When left alone, Elwyn began walking restlessly up and down, much as his friend had walked up and down a few minutes ago. Something of the excitement of the fight going on above had entered into him; he now desired ardently that the child should live, should emerge victor from the grim struggle.
At last Bellair came back. "Fanny believes that this is the night of crisis," he said slowly. All the buoyancy had left his voice. "But— | | 123 but Elwyn, I hope you won't mind—the fact is she's set her heart on your seeing him. I told her what you told me about yourself, I mean your illness as a child, and it's cheered her up amazingly, poor girl! Perhaps you could tell her a little bit more about it, though I like to think that if the boy gets through it"—his voice broke suddenly—"she won't remember this—this awful time. But don't let's keep her waiting—" He took Elwyn's consent for granted, and quickly the two men walked up the stairs of the high house, on and on and on.
"It's a good way up," whispered Bellair, "but Fanny was told that a child's nursery couldn't be too high. So we had the four rooms at the top thrown into two."
They were now on the dimly-lighted landing. "Wait one moment—wait one moment, Hugo." Bellair's voice had dropped to a low, gruff whisper.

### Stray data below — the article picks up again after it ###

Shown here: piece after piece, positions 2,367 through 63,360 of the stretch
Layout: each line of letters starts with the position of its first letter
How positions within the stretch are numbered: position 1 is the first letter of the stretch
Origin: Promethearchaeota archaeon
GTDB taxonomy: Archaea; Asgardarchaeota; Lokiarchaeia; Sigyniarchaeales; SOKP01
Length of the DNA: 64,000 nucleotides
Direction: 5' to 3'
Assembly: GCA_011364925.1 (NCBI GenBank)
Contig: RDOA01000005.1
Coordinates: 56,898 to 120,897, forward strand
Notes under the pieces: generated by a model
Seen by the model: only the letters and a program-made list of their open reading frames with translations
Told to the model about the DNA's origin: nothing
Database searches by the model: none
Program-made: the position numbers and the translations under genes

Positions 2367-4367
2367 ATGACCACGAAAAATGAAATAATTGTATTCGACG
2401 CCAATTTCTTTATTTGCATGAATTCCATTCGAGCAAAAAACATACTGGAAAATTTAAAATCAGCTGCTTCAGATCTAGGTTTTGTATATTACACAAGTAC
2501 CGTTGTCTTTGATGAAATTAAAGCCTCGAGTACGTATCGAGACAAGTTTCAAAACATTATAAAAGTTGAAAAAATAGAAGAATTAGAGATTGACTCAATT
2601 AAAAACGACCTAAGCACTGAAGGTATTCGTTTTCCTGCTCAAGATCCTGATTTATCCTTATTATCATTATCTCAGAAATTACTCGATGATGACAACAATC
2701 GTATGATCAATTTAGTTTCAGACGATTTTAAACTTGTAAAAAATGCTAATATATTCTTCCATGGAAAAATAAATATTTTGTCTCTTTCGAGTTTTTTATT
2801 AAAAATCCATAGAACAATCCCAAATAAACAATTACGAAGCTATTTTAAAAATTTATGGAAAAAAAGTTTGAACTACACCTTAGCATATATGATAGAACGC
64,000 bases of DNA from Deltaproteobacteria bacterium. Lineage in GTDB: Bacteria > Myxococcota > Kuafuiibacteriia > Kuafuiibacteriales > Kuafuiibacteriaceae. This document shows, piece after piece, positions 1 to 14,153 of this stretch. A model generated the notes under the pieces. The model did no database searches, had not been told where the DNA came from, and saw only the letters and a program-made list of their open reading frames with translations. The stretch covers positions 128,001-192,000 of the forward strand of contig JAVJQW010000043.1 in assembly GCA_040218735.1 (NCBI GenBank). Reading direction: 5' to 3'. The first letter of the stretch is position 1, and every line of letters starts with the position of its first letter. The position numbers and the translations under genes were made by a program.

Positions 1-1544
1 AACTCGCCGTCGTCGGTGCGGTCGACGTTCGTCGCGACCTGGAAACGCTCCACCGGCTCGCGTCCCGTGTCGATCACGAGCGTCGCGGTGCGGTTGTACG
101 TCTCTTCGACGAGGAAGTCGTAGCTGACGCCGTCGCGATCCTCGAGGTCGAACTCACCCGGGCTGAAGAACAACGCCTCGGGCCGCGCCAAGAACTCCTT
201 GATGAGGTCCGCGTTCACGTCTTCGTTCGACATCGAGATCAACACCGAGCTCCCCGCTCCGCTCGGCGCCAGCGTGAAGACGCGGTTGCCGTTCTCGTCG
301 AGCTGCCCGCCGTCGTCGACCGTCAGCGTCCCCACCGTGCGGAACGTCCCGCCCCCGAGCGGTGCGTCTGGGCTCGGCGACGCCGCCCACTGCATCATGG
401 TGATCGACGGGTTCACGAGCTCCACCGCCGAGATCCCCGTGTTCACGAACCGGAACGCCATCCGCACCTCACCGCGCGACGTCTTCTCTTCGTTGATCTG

Elwyn remained alone. He could hear slight movements going on in the room into which Bellair had just gone;and then there also fell on his ears the deep, regular sound of snoring. Who could be asleep in the house at such a moment? The sound disturbed him; it seemed to add a touch of grostesque horror to the situation.| | 124
Suddenly the handle of the door in front of him moved round, and he heard Fanny Bellair's voice, unnaturally controlled and calm. "I sent Nanna to bed, Jim. The poor old creature was absolutely worn out. And then I would so much rather be alone when Sir Joseph brings back the other doctor. He admits—I mean Sir Joseph does—that to-night is the crisis."
The door swung widely open, and Elwyn, moving instinctively back, visualized the scene before him very distinctly.